Cori Close can’t spell for her life.
From 2004-2011, scouting reports, memos and emails from the then-associate head coach all arrived to Florida State coach Sue Semrau sprinkled with errors.
“Thank God for spell check now,” Semrau said.
Close might never have mastered spelling, but even heading into her sixth year at the helm of the UCLA women’s basketball program, she considers herself a perennial student of the game – even if she started out as a “punk freshman” in the back of the classroom.
As a freshman at Milpitas High School near San Jose, California, Close was a multi-sport athlete.
Her world revolved around sports, from hitting the softball pitch to playing point guard on the school basketball team and hitting open gym for hours after.
But the star point guard scoffed at one sport: badminton.
Close constantly trash-talked badminton until her teacher and the school’s coach Carol Insol, fed up with Close, decided to humiliate the then-freshman in a game of badminton.
Marching her students into the gym, Insol lined up her class on the sideline before facing off against her arrogant freshman.
The coach hustled Close, running her ragged from corner to corner to corner before whacking the birdie right at the exhausted freshman’s neck.
“I went home that night, my dad thought I had a hickey on my neck and I almost got in trouble,” Close said. “But it insulted my ego so much that I was determined.”
From then on it was all badminton.
Softball was out.
She trained for hours alongside Mike, an avid badminton player at De Anza College who also ran an open basketball gym for local kids, and tried out for Milpitas’ team.
Close was determined to prove to her coach she wasn’t just some obnoxious freshman.
“I’m a competitor, so she put a challenge in front of me and I do enjoy competition, I do enjoy challenges,” Close said. “When she challenged me in that way and I was exposed in front of my peers, it was very motivating to overcome that.”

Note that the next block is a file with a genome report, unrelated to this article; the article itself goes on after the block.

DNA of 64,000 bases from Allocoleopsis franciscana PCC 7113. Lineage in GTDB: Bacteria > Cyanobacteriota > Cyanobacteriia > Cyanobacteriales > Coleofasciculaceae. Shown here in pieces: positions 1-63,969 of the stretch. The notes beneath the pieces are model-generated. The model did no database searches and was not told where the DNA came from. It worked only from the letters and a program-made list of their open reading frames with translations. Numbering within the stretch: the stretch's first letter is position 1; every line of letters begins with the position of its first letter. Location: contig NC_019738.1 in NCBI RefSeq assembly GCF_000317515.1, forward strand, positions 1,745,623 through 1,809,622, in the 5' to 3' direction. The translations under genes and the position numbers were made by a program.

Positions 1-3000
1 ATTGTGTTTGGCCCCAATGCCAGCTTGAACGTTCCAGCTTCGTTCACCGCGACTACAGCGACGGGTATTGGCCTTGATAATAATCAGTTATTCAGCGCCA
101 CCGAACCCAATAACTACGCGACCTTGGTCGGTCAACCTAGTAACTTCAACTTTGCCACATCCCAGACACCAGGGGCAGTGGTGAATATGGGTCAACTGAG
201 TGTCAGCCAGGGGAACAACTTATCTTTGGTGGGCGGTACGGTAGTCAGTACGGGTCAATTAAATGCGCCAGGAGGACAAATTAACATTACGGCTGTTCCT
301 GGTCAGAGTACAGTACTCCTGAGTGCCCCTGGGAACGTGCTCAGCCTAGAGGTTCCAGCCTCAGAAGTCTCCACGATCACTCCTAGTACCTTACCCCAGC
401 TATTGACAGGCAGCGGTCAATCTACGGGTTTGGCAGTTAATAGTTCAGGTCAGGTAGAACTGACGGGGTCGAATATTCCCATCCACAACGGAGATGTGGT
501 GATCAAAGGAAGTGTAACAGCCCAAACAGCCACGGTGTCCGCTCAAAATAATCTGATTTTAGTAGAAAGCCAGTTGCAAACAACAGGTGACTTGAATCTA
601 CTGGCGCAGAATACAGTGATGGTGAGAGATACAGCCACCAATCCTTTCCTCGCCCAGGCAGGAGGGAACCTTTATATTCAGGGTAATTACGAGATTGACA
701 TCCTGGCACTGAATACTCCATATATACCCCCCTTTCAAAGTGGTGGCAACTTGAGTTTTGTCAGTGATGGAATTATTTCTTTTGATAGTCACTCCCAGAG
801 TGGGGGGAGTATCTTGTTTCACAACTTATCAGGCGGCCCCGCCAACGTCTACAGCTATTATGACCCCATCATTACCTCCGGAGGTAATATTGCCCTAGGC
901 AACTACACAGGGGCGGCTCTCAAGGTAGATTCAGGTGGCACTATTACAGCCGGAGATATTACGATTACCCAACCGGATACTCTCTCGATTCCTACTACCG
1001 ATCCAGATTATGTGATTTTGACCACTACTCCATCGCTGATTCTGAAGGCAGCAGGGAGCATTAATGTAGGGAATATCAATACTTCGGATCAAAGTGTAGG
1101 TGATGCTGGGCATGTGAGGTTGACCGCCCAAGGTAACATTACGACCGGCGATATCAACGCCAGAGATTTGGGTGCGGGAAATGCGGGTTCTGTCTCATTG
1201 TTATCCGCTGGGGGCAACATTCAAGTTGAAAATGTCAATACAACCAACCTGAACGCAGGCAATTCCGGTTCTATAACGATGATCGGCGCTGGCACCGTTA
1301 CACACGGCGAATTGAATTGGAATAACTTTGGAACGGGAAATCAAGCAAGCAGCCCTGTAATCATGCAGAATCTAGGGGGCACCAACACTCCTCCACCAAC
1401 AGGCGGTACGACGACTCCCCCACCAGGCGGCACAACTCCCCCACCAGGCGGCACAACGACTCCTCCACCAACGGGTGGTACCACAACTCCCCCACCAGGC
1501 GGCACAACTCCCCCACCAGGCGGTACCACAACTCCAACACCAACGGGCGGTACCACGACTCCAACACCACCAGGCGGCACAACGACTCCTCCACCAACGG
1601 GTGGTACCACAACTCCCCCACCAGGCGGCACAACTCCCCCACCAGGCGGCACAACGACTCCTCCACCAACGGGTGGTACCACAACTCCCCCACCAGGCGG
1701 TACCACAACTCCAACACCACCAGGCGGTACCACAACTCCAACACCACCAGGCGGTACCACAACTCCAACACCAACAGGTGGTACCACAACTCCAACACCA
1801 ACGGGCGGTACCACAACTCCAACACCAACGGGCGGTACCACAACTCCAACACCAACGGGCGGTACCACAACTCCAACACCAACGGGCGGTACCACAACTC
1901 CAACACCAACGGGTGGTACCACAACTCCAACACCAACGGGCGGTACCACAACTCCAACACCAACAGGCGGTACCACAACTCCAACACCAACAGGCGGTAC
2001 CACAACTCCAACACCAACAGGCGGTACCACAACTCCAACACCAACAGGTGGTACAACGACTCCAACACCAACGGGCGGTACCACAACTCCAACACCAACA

The bruise healed, but Close carried Insol’s lesson – it’s worth learning from everything and everyone – with her to UCSB, where she was a four-year starting point guard and captain, and then to UCLA, where she was a restricted-earnings coach.
In her first stint in Westwood, Close learned and fostered a relationship with the standard-bearer of the sport: John Wooden.
His pyramid of success built a foundation for her, one that she reflected on when she left for a coaching job at Florida State in 2004 and turned to her first night in Tallahassee, Florida.
Less than 24 hours after arriving in Florida as the new associate head coach, Close was thrown into chaos and grief when then-Florida State sophomore Ronalda Pierce unexpectedly passed away.
Semrau tended to grieving players and relied on Close, who she remembered as “warm and open” when they met at the Final Four years earlier, to be the glue and backbone of the program.
Close not only took over administrative duties – building relationships with visiting top recruits and helping wherever she could – but also revitalized the team’s offense on the court.
In her last two seasons with the team, Florida State finished in the top 30 nationally in scoring, field goal percentage and 3-point field goal percentage.
But the mastermind behind the Seminoles’ offense didn’t want to limit herself to just one side of the ball.